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Cultural or Timeless July 30, 2008

Posted by roberttalley in First Timothy, Religion, Sermons, Women in the Church.
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Thanks to those who responded to my answer to the first question. I have changed my mind and decided to answer question 3 next. I remembered that I had dealt with this question extensively on a Sunday night over two years ago. The subject was “Women in the Church” and the passage was 1 Timothy 2:11-15. Let me repeat my paraphrase of the question and then give the applicable excerpts. I will put new comments in parenthesis.

Question #3: Is it not a threat to the inerrancy of Scriptures when we claim that certain teachings in the epistles are cultural?

Women in the Church – 1 Timothy 2:11-15

CONTEXT: Especially in dealing with controversial passages, it is important to emphasize context. The context, as we have noticed in Chapter 1, is to make sure that Timothy takes active measures to stop false doctrine and to promote sound or healthy doctrine. When we read these verses, we notice that there apparently were women in the church at Ephesus who were wanting to teach, who were probably attention seekers, and who were probably participants in the false doctrine being taught…Now I say apparently and probably because we need to remember that reading the epistles is much like listening to one end of a telephone conversation and trying to figure out who is on the other end and what that unseen party is saying. (I should here point out that I am speaking to the occasional nature of the epistles which is what makes the epistles hard at times to apply. Our church culture in this century is unlike that of the first century. Everything, including doctrinal truth must be understood through a first century filter. That does not make the epistles errant nor does it make everything in the epistles cultural. There are many timeless truths and applicable principles in the epistles but just because something is mentioned in the inerrant Scriptures does not make it a timeless truth or an applicable principle.)

Looking at the context will help us to do two things. Keep us from making this passage say something it doesn’t say and also from missing the point that Paul is attempting to stress to Timothy. (I might add that it will also help us to differentiate between the cultural and the timeless.)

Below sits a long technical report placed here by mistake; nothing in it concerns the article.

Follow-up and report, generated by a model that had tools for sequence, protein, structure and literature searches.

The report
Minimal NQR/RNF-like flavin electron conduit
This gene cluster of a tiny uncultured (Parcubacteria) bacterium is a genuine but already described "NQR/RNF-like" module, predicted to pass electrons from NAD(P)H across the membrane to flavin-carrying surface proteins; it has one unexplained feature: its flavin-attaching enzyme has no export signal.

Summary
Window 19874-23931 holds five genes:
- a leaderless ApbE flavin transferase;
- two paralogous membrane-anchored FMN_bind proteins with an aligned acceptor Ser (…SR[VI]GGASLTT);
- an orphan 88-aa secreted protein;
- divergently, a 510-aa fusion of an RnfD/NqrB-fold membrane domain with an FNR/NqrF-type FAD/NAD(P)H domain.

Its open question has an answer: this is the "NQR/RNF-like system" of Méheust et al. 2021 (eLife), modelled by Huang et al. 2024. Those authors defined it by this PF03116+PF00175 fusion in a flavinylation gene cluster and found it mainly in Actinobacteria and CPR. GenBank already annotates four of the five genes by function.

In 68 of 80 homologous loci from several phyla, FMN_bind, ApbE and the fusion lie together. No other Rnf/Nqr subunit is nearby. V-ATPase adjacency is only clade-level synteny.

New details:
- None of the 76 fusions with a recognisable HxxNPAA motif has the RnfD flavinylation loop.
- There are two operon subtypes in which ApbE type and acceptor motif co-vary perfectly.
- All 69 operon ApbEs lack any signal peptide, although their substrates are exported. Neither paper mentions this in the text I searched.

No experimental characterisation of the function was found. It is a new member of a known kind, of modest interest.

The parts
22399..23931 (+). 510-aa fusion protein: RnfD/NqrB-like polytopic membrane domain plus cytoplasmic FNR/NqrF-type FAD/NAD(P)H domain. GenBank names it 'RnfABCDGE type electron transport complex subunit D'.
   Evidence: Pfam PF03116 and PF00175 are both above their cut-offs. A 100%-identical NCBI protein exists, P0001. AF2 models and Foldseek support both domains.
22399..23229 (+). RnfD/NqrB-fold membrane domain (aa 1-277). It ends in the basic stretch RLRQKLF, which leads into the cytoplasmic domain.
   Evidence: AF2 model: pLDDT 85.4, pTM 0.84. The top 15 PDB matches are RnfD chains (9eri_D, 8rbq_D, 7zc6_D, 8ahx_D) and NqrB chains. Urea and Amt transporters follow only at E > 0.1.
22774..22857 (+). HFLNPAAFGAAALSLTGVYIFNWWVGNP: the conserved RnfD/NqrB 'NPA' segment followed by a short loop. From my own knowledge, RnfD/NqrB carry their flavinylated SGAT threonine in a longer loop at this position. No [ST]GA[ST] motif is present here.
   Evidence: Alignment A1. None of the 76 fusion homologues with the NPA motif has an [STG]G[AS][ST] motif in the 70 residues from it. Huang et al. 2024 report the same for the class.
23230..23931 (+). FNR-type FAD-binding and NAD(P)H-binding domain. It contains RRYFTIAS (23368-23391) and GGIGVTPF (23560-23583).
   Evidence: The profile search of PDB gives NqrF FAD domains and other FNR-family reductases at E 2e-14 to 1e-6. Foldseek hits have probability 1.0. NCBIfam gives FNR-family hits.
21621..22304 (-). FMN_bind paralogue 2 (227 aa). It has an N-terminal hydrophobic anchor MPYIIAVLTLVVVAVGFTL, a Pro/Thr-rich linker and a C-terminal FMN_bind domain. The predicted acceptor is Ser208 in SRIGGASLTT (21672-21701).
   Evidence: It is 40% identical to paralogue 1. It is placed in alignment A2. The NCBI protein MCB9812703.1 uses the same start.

Principle – Paul gives the application first and then the principle. We want to begin with the principle, verses 13-15.

The Family as Set up by God is an Principle that Transcends Spiritual Economies, verse 13. (This is by the way the same principle that we were discussing in both 1 Corinthians 11 and 14).

The Reason Eve was Deceived was Based on her Knowledge of the Truth not on the Character of her Gender -verse 14.

The Woman’s Place in God’s Society is of Great Importance – verse 15.

Application, verses 11-12.

A. Woman can and should learn. They are intellectually and spiritually capable of growing, verse 11. Paul was not one like we often meet in Christian circles today who pays lip service to the value of women but whose actions speaks louder than their words.

B. Women can and should teach and have authority in its proper place – verse 12. It may appear that Paul is teaching just the opposite but when we look at his life and work we see myriad examples where women teach and minister in important ways. (Comparing Scripture to Scripture also helps us to understand what is cultural and what is timeless.)

C. The male leadership of the church according to chapters 1-3 have a serious responsibility when it comes to promoting the sound doctrine, i.e., the gospel of Christ, both within and without the local church body.

Notes

A. This is not everything that the Bible teaches us about the importance of women in the church. There are numerous examples of women active in service and in certain types of leadership positions in the church.

B. There is some cultural room for differences in application but it is limited by the specific principles set down in the Scriptures.

C. This really sets the background for our understanding of chapter 3.

 

 

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